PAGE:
Be a Supporting Hero

Everyone wants to the hero that solved the customer’s problem, fixed the last fifteen bugs, saved the sprint, etc, etc.

But whoever they are, they didn’t they do it on their own.

Someone took over their other tasks.

Someone else cleared their calendar of meetings.

Another person on the team took on all their new hire interviews for them.

When they worked through lunch, someone grabbed them a coffee later that afternoon.

That’s how they got it done, that’s how they became a hero and that’s why the Supporting Hero rates higher in my book – they don’t do it for the glory, they do it for the team.

Anyone can score a goal, but it takes a team to setup the play, defend against the other side and the make the pass that everyone will be talking about for a long time to make the thought of the goal possible.

I’ll Know it when I see it

No you won’t.

You’ll simply have eliminated a set of options from a myriad of choices that are in front of you.

The only result from this strategy will be the continued infusion of frustration and confusion into the minds of your team as they try to hit some goal that no one knows exists, not even you.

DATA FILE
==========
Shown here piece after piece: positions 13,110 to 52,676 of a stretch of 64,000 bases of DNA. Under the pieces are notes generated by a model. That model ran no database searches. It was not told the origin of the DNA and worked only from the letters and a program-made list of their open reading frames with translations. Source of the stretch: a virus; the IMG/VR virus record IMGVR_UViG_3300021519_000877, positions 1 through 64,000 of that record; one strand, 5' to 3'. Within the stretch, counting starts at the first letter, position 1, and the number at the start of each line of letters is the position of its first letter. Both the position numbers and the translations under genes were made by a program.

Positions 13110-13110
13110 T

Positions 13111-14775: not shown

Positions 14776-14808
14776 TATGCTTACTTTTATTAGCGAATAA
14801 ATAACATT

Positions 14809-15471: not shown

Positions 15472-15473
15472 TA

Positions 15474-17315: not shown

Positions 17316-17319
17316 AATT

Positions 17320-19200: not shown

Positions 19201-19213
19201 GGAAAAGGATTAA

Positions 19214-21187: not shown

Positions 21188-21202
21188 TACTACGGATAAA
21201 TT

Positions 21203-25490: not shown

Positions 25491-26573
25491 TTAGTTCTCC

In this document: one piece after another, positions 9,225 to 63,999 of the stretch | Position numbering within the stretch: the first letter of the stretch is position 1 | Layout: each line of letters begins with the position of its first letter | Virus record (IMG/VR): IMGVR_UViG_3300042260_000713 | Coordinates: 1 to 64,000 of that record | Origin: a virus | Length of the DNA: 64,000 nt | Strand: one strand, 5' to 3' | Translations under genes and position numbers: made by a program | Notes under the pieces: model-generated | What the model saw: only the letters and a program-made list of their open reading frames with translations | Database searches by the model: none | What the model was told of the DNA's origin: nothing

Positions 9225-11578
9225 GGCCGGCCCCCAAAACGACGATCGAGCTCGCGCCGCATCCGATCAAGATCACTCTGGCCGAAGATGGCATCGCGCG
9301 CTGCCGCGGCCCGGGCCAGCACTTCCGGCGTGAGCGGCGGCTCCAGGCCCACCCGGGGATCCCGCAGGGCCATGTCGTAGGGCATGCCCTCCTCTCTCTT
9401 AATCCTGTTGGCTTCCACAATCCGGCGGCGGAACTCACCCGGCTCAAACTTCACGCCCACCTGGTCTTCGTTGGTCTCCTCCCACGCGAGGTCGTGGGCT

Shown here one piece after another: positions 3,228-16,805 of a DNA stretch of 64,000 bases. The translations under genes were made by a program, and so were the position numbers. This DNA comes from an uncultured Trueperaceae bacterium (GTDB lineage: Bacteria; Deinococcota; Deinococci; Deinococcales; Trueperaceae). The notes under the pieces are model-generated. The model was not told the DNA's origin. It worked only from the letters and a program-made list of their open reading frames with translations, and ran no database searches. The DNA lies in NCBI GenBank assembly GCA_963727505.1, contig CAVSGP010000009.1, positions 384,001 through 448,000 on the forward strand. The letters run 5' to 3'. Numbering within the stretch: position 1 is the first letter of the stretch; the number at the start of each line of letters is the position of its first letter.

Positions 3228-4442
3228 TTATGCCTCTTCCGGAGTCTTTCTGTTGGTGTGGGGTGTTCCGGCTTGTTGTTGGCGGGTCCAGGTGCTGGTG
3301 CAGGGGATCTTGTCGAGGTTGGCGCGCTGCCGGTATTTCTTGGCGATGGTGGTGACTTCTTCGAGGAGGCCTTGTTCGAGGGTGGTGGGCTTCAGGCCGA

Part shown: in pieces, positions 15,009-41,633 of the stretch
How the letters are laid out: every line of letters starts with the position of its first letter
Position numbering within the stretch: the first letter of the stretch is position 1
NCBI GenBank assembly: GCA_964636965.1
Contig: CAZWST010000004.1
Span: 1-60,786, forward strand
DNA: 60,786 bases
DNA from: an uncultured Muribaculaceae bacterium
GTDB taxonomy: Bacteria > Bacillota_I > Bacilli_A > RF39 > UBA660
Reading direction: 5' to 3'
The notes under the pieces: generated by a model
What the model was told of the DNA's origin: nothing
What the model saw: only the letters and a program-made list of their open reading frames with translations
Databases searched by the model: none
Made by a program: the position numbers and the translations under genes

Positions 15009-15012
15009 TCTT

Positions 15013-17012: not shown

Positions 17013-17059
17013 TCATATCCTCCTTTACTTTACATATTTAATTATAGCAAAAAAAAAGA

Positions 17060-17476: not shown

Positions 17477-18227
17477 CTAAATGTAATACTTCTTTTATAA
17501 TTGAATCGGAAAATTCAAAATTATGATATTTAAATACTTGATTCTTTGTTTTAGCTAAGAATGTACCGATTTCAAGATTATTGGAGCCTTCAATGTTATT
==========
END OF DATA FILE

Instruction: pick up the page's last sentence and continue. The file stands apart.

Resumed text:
People who are “busy” use this term to great extent as a smokescreen to what they are looking for being some unearthly desire.

The better approach, take an hour, by yourself, think, focus and come up with a few options of what you’d like to see.

At the very least you have eliminated a vast number of options, at the most you have shown your team what success will look like.

Both are great alternatives.

Obi Wan – The Greatest Coach EVER?

I should have written this on May 4th (May the Fourth be With You) but thought of it while writing a recent MEDIUM article on why we all need to have a Coach.

I started thinking of the traits of great coaches and for some reason came back to the Jedi Master himself, Obi Wan Kenobi.

What makes Obi Wan Kenobi the greatest Jedi ever?

  1. He never gave Luke all the answers he wanted and made him work for them.
  2. He let Luke fail in preparing to be a Jedi, making similar mistakes to his own.
  3. He knew when the time was right for Luke to find another Jedi Master to continue his training.
  4. He let Luke’s intuition and feeling guide him.
  5. He never made Luke’s mission his own and kept his role as guide.
  6. He never forced his own beliefs onto Luke.
  7. He through caution to the wind and knew that sometimes you had to take a Leap of Faith.
  8. He never boasted about his accomplishments or achievements and instead focused on the development of Luke.
  9. He made sure to step in and help Luke when others were seeking to take advantage of him.
  10. His impact lingered on with Luke even after he was gone.

Sure I might be a Star Wars fan, but you can’t deny the fact that if given the choice, you’d want a coach like Obi Wan.